Out of Ammunition

There is a reason I am enthusiastic about stem cell procedures.  American medicine is the best in the world.   Just ask an American doctor.  I want to know how much ammunition these docs have in their holsters.   How often are physicians able to hit the broad side of the barn with whatever they are firing?    Near as I can tell, too often they are shooting blanks.  Many cancers, Alzheimer’s disease and a host of other conditions run their course with little to stop them.

I embarked on a six-month regimen of chemotherapy.  The drug was Cytoxan, commonly used to treat cancers.  A neurologist prescribed this toxic drug for me based on scant evidence that it would accomplish anything with MS.  It didn’t.  In fairness, I had asked him to think outside the box and try anything that might work.  Beware of what you ask for.  The doctor was only following patient’s orders. 

The Cytoxan weakened me, turned my hair white, what was left of it, and turned me into a fragile fellow who might take a tumble in a strong wind. 

Chronic conditions by definition are incurable.  Often they can be managed, sometimes survived, often invisible in the rear view mirror.  Expectations can be out of whack and highly unrealistic with these conditions.  Happy endings are elusive.   So we live with uncertainty.  Long ago I learned never to stop pushing.

I still hear doctors dismiss stem cell therapy.    I have benefited from ears full of negative nonsense regarding the inevitability of failure of stem cell therapy and MS.  Neurologists seem to be long on opinions, short on action.  There exists an unholy alliance between many neurologists and big pharmaceuticals.  Many of these docs take big money from big pharma, consulting and taking the company lineTrust me.  They will not be leading the charge away from conventional therapies.

Let me share a secret.  We have to get involved.  We need to stay on top of developments.  We are our best advocates.   We have to be prepared to lead the horse to water.  Stem cell therapy is real and approaching fast.  Think it through, or just stick to the existing drugs, the interferons that may or may not be effective, Tysabri, pulled off the market once and never fixed.  The manufacturers all have well oiled PR machines that keep expectations high.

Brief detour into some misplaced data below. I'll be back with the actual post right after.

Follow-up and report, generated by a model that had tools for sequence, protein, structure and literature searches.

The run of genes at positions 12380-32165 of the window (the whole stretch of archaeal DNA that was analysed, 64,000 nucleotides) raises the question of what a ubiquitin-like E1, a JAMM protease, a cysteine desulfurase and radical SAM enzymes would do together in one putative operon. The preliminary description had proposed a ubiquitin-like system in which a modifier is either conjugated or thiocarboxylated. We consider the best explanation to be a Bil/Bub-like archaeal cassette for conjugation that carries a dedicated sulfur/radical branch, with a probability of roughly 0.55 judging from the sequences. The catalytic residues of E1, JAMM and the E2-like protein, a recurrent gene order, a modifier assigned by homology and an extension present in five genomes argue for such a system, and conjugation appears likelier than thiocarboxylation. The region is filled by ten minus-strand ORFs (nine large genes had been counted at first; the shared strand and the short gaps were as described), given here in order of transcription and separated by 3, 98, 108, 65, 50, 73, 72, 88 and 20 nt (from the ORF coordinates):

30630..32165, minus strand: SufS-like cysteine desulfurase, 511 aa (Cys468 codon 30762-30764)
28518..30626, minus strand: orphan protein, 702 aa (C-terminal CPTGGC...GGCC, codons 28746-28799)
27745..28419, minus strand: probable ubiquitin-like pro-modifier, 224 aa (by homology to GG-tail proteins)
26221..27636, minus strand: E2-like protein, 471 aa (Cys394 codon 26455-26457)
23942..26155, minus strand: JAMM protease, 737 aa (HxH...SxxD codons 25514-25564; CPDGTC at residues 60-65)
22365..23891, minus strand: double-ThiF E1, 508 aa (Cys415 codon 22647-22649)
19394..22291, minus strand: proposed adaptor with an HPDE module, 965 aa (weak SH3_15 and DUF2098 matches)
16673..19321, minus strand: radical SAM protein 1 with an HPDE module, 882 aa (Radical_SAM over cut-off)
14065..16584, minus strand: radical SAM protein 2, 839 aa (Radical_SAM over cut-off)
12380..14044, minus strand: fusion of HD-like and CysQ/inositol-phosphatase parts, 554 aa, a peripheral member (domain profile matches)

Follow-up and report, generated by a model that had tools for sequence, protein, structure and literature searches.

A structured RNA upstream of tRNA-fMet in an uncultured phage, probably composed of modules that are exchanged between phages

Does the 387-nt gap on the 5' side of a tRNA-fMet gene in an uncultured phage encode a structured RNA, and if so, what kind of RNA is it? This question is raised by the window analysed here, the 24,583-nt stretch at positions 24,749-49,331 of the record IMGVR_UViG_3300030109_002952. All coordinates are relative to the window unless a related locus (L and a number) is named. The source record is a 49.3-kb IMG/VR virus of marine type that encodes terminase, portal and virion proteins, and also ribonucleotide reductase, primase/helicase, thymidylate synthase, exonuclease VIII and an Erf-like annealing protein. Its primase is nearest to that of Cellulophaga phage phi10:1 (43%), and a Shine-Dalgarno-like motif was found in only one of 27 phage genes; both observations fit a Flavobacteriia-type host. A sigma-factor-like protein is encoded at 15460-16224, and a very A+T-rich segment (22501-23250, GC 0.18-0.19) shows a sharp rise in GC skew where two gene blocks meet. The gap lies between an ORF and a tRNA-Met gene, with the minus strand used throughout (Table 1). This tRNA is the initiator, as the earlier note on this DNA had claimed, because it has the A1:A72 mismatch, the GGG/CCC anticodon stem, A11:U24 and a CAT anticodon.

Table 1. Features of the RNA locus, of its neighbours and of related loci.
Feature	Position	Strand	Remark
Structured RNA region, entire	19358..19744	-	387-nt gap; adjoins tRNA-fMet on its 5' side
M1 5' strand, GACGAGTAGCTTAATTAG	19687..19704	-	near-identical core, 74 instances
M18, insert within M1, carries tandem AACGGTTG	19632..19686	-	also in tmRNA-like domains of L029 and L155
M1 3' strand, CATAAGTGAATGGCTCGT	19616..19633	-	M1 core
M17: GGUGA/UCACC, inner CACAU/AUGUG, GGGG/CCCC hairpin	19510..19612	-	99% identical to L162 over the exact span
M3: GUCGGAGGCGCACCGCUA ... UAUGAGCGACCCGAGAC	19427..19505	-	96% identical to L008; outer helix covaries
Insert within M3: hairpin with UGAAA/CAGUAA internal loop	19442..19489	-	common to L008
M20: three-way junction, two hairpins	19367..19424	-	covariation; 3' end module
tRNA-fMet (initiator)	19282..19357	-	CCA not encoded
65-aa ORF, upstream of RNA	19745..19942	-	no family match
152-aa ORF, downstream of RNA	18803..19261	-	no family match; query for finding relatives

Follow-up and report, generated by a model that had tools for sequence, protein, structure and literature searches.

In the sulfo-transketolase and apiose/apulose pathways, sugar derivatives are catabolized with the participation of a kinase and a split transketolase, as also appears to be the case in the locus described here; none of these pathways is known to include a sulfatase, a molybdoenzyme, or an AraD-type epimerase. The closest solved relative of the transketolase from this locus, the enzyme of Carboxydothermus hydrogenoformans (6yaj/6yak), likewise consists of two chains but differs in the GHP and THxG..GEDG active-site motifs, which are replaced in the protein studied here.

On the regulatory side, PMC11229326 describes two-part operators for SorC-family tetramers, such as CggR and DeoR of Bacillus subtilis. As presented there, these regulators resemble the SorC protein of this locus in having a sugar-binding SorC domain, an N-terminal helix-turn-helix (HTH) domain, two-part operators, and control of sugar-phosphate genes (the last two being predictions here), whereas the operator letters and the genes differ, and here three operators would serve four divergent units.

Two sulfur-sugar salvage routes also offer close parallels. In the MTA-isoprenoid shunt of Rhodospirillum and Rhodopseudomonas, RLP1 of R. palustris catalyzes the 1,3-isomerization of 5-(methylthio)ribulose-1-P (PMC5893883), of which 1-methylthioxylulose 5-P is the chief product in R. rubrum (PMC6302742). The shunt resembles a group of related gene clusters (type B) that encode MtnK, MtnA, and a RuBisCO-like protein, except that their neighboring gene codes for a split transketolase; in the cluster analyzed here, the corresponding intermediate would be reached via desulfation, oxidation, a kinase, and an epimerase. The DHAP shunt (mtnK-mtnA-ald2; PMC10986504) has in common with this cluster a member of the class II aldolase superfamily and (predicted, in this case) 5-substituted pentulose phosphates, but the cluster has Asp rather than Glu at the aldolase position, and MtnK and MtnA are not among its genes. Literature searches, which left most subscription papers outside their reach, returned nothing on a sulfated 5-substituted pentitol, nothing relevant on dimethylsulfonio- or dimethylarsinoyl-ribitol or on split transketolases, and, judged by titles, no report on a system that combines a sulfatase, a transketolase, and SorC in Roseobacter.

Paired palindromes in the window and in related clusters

My prediction for 2014 is that the large pharmaceuticals are going to invest heavily in cell therapy.  They see the handwriting on the wall and actually can read it.  Stay ahead of them.  Pursue and learn about these alternative therapies.  They may be your futures.



8 Responses to Out of Ammunition

  1. HOLLY December 25, 2013 at 2:48 pm #

    You are right on. all that is developed are band-aides, not cures. and the band-aides become more and more dangerous. stem cells or maybe dna cures are the future for curing ms and many other diseases. lets hope they find help for us soon and not later. my mom was diagnosed in 1965 and without all the ABC drugs lived well for 40 years and passed away at 88 years old. I was diagnosed 24 years ago and am in worse shape with the ABC drugs. GOOD LUCK WITH YOUR ADVENTURE, I CONSIDER YOU BRAVE TO TRY THIS. MERRY CHRISTMAS AND HAPPY NEW YEAR. hOLLY

  2. Richard M. Cohen December 25, 2013 at 3:53 pm #

    I am with you. Keep preaching the stem cell gospel.


  3. Mimi December 29, 2013 at 11:27 am #

    Richard, before I read this I sent my doctor a note about getting into the stem cell study. I’m very excited a national figure is exploring this option. I know I can go to several countries and pay a lot of money, but we deserve it here! Just like Affordable Care!!! I could move to a country with free medical care, but I don’t want to live anywhere else. I’m a patriot not wanting to be an ex-patriot.

    • Richard December 30, 2013 at 8:55 am #

      I hope the floodgates open, and this becomes available to everyone. Fingers crossed.


  4. Melissa December 30, 2013 at 11:17 pm #

    I couldn’t agree with you more that WE are our best advocate and WE have to take control. I am a newly diagnosed, young adult living with RRMS. Outsiders do not know what I deal with day in and day out but hey, a smile goes a long way. I am fascinated by your blog and following your stem cell journey. I firmly believe a cure is in our near future for all. Thanks for all you do! Melissa

    • Richard December 31, 2013 at 5:04 pm #


      Keep the faith. We are at the starting line of our national stem cell journey. I hope good things are in your future.


  5. D January 9, 2014 at 2:53 pm #

    We indeed have to keep pushing for more choices as patients, because the drugs that are so commonly prescribed to us MS’ers, can often feel worse than the actual disease. I am a young MS’er who is having to face the fact that interferon & such have only made me feel worse. I know there has to be more out there & I will keep asking and annoying the crap out of every neurologist I encounter.I am not there to make friends, but to be my own best advocate.

    I hope the stem cell trial goes well for you, Richard. I have heard so many good results coming out of other countries & such reports give me hope that we must keep pushing for more answers and approaches. The need to think outside the box, question the who/what/where/when/why is incredibly important & a large part of how this movement will go forward.

    Love & light to you & your family!

  6. Sue S. January 11, 2014 at 9:47 am #


    Finally someone had the *** to put it in writing, the neurologists will not jump on any train other than the big pharma train! This portion of the blog truly hits home with me. I have pushed and pushed and luckily I now have a Dr. who supports and listens to me – the patient! I respect their eduction and guidance but in the end I’m the one who lives in my body 24/7/365

    So looking forward to following your journey – stay strong – push on – and thank you!